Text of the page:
Minnesota regulators knew four months ago that radioactive waste had leaked from a nuclear power plant in Monticello — but they didn’t announce anything about the leak until this week.
The delay in notifying the public about the November leak raised questions about public safety and transparency, but industry experts said Friday there was never a public health threat. They said Xcel Energy voluntarily notified state agencies and reported the leak of tritium to the Nuclear Regulatory Commission soon after it was confirmed and that the leak of 400,000 gallons (1.5 million liters) of radioactive water never reached a threshold that would have required public notification.
“This is something that we struggle with because there is such concern with anything that is nuclear,” said Victoria Mitlyng, a spokesperson with the Nuclear Regulatory Commission. “The concern is very, very understandable. That is why I want to make extra clear the fact that the public in Minnesota, the people, the community near the plant, was not and is not in danger.”
State officials said that while they knew of the leak in November, they waited to get more information before making a public announcement.
“We knew there was a presence of tritium in one monitoring well, however Xcel had not yet identified the source of the leak and its location,” Minnesota Pollution Control Agency spokesperson Michael Rafferty said Thursday. “Now that we have all the information about where the leak occurred, how much was released into groundwater and that contaminated groundwater had moved beyond the original location, we are sharing this information.”
Tritium is a radioactive isotope of hydrogen that occurs naturally in the environment and is a common by-product of nuclear plant operations. It emits a weak form of beta radiation that does not travel very far and cannot penetrate human skin, according to the Nuclear Regulatory Commission.
Edwin Lyman, director of nuclear power safety with the Union of Concerned Scientists, said a significant health risk would only occur if people consumed fairly high amounts of tritium. That risk is contained if the plume stays on the company’s site, which Xcel Energy and Minnesota officials said is the case.
If regulatory officials are sure it didn’t move off site, people shouldn’t have to worry about their safety, he said, adding that companies usually take action when onsite monitoring wells detect elevated levels of contaminants like tritium.
Mitlyng said there’s no official requirement for nuclear plants to report all tritium leaks to the Nuclear Regulatory Commission. Instead, Xcel Energy had previously agreed to report certain tritium leaks to the state. When Xcel Energy shares information with the state, it also shares it with the commission.
The commission posted a notification about the leak on its website Nov. 23, noting that the plant reported it to the state a day earlier. The report classified the leak as a nonemergency. The notice said the source of the tritium was being investigated at that time.
Beyond that, there was no widespread notification to the public before Thursday.
Rafferty said disclosure requirements fall to the facility, and state agencies would have notified residents immediately had there been an imminent threat to health and the environment.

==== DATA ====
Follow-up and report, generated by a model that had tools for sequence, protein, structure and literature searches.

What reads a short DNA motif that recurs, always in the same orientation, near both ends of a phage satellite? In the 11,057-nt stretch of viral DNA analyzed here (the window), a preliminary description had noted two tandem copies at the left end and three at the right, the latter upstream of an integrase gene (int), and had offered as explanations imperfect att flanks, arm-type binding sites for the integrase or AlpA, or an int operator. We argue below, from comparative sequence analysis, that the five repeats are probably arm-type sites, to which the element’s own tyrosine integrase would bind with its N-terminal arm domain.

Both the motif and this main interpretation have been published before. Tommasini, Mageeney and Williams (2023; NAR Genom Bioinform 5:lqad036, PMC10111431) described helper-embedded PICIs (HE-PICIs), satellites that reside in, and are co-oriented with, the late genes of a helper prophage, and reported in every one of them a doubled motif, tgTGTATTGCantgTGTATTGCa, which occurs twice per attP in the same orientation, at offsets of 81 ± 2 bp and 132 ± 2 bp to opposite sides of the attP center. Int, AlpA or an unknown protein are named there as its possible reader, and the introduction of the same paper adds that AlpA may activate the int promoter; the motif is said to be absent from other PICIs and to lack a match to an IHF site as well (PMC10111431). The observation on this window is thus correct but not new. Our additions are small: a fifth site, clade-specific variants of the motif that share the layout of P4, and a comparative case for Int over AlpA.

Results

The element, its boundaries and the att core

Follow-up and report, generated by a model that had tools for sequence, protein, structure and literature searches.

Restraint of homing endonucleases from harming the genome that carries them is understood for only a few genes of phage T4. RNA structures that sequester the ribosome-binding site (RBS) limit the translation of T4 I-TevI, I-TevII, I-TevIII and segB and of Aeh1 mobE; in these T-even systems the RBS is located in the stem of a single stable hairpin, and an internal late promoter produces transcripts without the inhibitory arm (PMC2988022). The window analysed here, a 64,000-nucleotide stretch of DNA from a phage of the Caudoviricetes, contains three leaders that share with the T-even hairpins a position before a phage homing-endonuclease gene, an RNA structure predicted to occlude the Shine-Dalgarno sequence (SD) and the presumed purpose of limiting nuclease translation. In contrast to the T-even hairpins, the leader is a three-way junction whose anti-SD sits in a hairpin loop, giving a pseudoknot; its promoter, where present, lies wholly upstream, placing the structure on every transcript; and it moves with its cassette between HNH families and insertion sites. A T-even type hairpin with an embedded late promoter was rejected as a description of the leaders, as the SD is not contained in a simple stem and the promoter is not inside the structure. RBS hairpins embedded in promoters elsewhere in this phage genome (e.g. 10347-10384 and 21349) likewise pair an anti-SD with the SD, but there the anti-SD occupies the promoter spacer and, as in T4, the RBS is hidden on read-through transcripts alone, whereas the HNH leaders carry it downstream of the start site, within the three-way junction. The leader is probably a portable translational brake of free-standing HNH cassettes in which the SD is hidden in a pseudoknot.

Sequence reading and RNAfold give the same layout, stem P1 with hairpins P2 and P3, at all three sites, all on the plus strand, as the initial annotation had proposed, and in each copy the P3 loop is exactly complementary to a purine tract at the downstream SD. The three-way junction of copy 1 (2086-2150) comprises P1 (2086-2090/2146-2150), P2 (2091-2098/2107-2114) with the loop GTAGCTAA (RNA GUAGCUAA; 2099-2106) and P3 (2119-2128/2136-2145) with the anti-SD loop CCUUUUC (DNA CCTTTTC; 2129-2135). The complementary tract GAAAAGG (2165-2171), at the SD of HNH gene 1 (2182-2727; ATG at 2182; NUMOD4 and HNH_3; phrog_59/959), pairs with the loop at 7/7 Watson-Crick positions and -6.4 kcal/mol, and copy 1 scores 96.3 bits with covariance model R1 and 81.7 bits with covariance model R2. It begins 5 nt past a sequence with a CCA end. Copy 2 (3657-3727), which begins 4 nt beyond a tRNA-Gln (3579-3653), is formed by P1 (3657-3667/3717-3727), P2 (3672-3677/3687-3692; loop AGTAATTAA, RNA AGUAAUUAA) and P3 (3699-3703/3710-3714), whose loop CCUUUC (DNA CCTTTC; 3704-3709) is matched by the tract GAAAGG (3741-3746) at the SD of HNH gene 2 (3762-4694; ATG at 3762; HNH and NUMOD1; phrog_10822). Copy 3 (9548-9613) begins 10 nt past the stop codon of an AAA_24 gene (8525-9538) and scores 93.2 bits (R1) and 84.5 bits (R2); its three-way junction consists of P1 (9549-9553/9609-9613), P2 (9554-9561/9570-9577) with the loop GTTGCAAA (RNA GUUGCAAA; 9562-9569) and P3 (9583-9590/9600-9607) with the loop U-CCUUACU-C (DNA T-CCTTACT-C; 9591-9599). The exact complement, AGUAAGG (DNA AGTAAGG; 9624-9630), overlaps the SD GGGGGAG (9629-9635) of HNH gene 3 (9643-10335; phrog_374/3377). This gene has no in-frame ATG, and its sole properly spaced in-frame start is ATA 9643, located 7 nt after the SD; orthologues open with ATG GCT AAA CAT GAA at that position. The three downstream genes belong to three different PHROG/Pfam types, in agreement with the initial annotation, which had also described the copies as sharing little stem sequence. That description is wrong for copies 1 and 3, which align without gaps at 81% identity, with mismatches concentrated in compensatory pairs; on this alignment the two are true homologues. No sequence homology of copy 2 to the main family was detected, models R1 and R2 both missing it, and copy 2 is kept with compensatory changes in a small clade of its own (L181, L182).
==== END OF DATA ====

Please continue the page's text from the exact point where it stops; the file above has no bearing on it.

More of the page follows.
Rafferty said the Minnesota Pollution Control Agency decided to share information about its role overseeing the cleanup now “because we have more details about the location and potential movement of the contamination, steps being taken to control the plume and plans for remediation including short-term storage of contaminated water.”
Mitlyng said there is no pathway for the tritium to get into drinking water. The facility has groundwater monitoring wells in concentric circles, and plant employees can track the progress of contaminants by looking at which wells detect higher amounts. There are Nuclear Regulatory Commission inspectors on site too, watching over the response.
The company said the leak came from a pipe between two buildings.
Xcel said it has recovered about 25% of the spilled tritium so far, that recovery efforts will continue and that it will install a permanent solution this spring.
Xcel is considering building above-ground storage tanks for the contaminated water it recovers and is considering options for the treatment, reuse or final disposal of the collected tritium and water. State regulators will review the options the company selects, the state Pollution Control Agency said.
The regulatory commission said tritium spills happen from time to time at nuclear plants, but they’ve either been limited to plant properties or involved such low offsite levels that they didn’t impact public health. Xcel Energy reported a small tritium leak at Monticello in 2009.
The Monticello plant is about 35 miles (55 kilometers) northwest of Minneapolis, upstream from the city on the Mississippi River.
Shelby Burma, who lives minutes from the site of the spill, said the news — coming weeks after a train derailment on the Ohio-Pennsylvania border left lingering concerns about contaminated air, soil and groundwater — makes her worry about an increasing amount of chemicals in the environment.
“I think it’s pretty alarming that they did not notify the public right away,” Burma said. “They said it won’t cause any harm, but that’s hard to believe when they waited how long to go public with it.”
Phillis reported from New York City, Biraben from Pierre, South Dakota. Associated Press writers Trisha Ahmed and Steve Karnowski in Minneapolis and Margaret Stafford in Kansas City, Missouri, contributed to this report.
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